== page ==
That time of the month: The harm of menstrual inequity and not talking openly about your period
Jeni Stolow, a social and behavioral scientist and an assistant professor of instruction in the College of Public Health, explains the dangers of menstrual inequity.
Many of us avoid talking about our periods. And this reluctance to speak openly about menstruation, it turns out, is a danger to public health. Menstrual inequity—the unequal access to menstrual products, education and reproductive care—often goes unaddressed because of this reluctance, as well as a lack of awareness and education about the problem.
We spoke with Jeni Stolow—an assistant professor of instruction in the College of Public Health who is moderating Temple University Libraries’ Stopping the Cycle of Menstrual Inequity event—about the dangers of this issue.
Temple Now: How would you define menstrual inequity?
Jeni Stolow: It can be this wide range of issues related to gender discrimination; gender-segregated resources; or just this overall issue with access, affordability and education about menstruation. Menstrual inequity can spread across topics such as global development, period poverty and the pink tax.
TN: What are the causes and effects of menstrual inequity?
JS: This systemic, intergenerational removal of dignity is the root cause that makes [menstrual inequity] still hushed about. The effects are that people with female bodies grow up putting sanitary products in their sleeves to go the bathroom because they’re ashamed of having a period, that they learn to hide their health needs, that the number one reason girls miss school is because of their period and that this natural part of health is going widely unaddressed in our educational systems. In some areas, 70% of reproductive and physical health issues that can lead to death, toxic overdose or maternal mortality stem from unsafe menstrual practices. On average, 1 out of 5 underserved females will have to go without sanitary products because they can’t afford them.
People have learned that menstruating individuals for one week of every month are lesser, incompetent and dirty—this is also a mental health issue.
You hop on Zoom and can say, “I have COVID,” “I have a cold,” or “I have a terrible headache,” but you can’t say, “My uterine lining is shedding.”
When we don’t talk about it, we don’t educate about it, which can cause lifelong problems. You might not know if you are healthy, have a health issue, or have a health need.
TN: What is the significance of this issue?
JS: Mismanaging hygiene during your period can cause so much physical as well as financial harm. It can be expensive, especially if you’re taught not to prioritize this need. If you’re using toilet paper or bleeding through your clothes, are you buying new clothes? That’s a privilege people don’t have. Do you have something to tie around your waist or backup clothes at school or work? Do you have products you can change regularly enough to meet your variety or needs?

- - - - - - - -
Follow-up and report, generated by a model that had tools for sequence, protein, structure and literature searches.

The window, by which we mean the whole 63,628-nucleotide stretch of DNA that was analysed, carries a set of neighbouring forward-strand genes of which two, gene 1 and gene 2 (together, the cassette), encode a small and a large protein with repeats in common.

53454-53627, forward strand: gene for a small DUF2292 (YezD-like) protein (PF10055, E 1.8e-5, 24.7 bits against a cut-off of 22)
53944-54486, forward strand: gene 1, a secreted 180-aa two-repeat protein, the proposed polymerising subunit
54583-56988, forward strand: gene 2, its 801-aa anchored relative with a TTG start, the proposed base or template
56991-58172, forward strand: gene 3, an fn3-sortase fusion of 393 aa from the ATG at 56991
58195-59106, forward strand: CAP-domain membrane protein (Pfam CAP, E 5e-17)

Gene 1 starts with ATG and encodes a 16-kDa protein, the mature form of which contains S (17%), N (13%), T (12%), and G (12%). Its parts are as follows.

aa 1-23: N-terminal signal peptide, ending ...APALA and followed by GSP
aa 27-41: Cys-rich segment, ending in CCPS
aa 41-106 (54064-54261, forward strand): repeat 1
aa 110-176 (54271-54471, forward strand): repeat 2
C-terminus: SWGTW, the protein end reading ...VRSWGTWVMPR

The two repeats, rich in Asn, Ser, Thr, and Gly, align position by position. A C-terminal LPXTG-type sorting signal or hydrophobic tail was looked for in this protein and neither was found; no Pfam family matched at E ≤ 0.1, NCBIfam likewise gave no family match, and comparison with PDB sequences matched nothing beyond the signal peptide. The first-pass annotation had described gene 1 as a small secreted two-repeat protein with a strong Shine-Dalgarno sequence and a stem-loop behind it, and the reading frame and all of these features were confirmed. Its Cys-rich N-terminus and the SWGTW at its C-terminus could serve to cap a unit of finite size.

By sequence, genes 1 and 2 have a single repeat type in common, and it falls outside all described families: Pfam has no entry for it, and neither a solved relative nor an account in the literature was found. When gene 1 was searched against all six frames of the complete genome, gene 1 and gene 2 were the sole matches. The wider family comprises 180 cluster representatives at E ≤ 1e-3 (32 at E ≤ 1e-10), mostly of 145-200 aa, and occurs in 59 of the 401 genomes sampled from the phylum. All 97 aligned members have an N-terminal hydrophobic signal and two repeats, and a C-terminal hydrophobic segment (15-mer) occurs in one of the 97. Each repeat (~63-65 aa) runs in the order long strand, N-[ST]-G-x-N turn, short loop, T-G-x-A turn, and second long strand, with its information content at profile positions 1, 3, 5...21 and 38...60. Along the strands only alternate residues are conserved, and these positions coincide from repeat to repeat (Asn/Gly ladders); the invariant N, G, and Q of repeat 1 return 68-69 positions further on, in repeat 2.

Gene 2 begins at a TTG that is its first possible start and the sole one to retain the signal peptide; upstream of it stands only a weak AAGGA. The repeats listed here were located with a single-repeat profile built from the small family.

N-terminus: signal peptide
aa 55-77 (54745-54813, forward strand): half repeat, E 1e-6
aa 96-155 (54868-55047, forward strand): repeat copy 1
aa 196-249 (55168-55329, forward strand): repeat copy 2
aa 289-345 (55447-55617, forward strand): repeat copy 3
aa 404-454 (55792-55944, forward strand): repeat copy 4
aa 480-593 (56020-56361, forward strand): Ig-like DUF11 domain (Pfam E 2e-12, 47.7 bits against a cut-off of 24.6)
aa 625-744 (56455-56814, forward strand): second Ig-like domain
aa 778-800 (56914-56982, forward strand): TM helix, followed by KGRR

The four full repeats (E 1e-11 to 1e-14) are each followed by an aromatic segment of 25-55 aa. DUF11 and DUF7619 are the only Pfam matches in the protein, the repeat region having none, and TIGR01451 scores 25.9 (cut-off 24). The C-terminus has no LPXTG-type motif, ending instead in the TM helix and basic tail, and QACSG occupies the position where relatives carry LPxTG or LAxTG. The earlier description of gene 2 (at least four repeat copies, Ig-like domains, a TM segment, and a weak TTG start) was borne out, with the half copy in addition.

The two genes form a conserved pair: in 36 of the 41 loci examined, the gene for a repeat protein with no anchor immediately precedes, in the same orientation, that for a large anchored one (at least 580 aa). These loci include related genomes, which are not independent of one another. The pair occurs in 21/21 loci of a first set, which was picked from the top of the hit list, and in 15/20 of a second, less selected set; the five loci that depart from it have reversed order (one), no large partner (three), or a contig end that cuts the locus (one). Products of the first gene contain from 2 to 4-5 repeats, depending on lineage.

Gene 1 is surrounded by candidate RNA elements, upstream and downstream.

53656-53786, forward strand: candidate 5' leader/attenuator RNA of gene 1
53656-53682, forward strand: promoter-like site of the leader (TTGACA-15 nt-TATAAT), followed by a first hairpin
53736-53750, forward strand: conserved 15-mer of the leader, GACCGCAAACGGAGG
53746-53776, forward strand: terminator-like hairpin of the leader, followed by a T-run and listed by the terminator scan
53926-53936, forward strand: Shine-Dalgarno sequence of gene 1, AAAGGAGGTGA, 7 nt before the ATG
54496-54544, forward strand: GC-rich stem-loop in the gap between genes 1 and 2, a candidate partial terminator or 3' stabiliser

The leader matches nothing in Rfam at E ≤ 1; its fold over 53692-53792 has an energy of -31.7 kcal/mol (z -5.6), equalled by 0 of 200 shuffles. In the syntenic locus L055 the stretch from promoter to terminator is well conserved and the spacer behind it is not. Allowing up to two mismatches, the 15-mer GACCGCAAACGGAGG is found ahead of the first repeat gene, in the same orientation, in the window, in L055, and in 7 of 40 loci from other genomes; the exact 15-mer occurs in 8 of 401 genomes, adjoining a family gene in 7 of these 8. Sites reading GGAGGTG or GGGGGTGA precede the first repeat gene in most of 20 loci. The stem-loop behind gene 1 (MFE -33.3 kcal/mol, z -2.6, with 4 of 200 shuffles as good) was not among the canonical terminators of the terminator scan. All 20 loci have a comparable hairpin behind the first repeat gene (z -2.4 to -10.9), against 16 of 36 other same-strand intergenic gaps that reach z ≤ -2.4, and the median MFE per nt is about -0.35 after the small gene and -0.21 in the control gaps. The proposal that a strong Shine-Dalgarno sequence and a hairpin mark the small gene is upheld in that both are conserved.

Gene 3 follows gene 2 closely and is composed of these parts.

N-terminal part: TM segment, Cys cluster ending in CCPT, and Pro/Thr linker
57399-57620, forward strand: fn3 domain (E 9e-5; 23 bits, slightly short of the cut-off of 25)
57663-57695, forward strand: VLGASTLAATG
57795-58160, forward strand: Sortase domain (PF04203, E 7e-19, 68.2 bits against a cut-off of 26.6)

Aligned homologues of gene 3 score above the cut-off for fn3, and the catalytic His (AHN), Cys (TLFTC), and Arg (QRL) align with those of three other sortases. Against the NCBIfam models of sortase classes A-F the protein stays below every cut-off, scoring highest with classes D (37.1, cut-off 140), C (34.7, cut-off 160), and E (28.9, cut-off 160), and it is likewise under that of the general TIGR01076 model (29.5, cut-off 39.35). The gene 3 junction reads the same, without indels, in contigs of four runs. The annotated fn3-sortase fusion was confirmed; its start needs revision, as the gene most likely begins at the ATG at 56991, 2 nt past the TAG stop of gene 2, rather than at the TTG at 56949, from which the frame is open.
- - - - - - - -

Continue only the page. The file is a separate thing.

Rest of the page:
If we’re not managing our hygenic needs during this time, dermatological issues, for example, can increase susceptibility to sexually transmitted diseases and cause urinary tract infections, fertility issues and possible death among pregnant women.
When the first female astronaut went to space, she received 100 tampons for one period, and NASA asked, “Is that enough?” I would love that approach to be used—this overcautious idea of “do you have everything you need?”
Being in an environment where you don’t feel comfortable talking about your hygiene needs can cause problems accessing materials. If you’re uncomfortable asking your male boss or father to get you tampons, what is that going to do for you and those around you with similar needs? Women have learned not to advocate and that it’s women’s obligation to deal with this, but it’s not; it’s a societal issue.
TN: Why is menstrual inequity prevalent in North Philadelphia?
JS: Wherever there is systemic and policy inequity and access disparity—where there are pockets of poverty—there is menstrual inequity. A big part of the learned behavior of surviving poverty is putting stronger needs above your period.
In North Philadelphia, substance use, obesity and other visible issues are prioritized, but what we’re forced to hide—such as menstruation—falls to the side because issues like this aren’t visible to funders, policymakers and nonprofits.
TN: How can the Temple community increase awareness and action to combat menstrual inequity on campus and in North Philadelphia?
JS: Think about how you can create more inclusive environments on campus to meet all different needs. Talk to your department chairs about having a safe space where various sanitary products can exist and be replenished. All professors and students should know where these things are. Anyone reading this, if you need a tampon or pad, come to my office. I’ve got snacks too.
If you can knock on someone’s door and say, “Hi, do you have a Band-Aid,” you should be able to say, “Hi, I don’t want to skip class because I’m about to bleed through three layers of clothing. Do you have a tampon?” These are the realities of our students, staff and faculty.
TN: Where can people donate?
JS: Reach out to the organizations in Philadelphia. They’re going to love to hear from you. Also, think about religious organizations, shelters, food kitchens, nonprofits and halfway houses.
Donate supplies to Temple’s Cherry Pantry and think about how you can create other opportunities.
I have my students list emergency supplies for disease outbreaks and natural disasters. If you don’t have menstrual hygiene products in these situations, you’re part of the problem. You’re probably not going to use your batteries, but someone is probably going to need a tampon.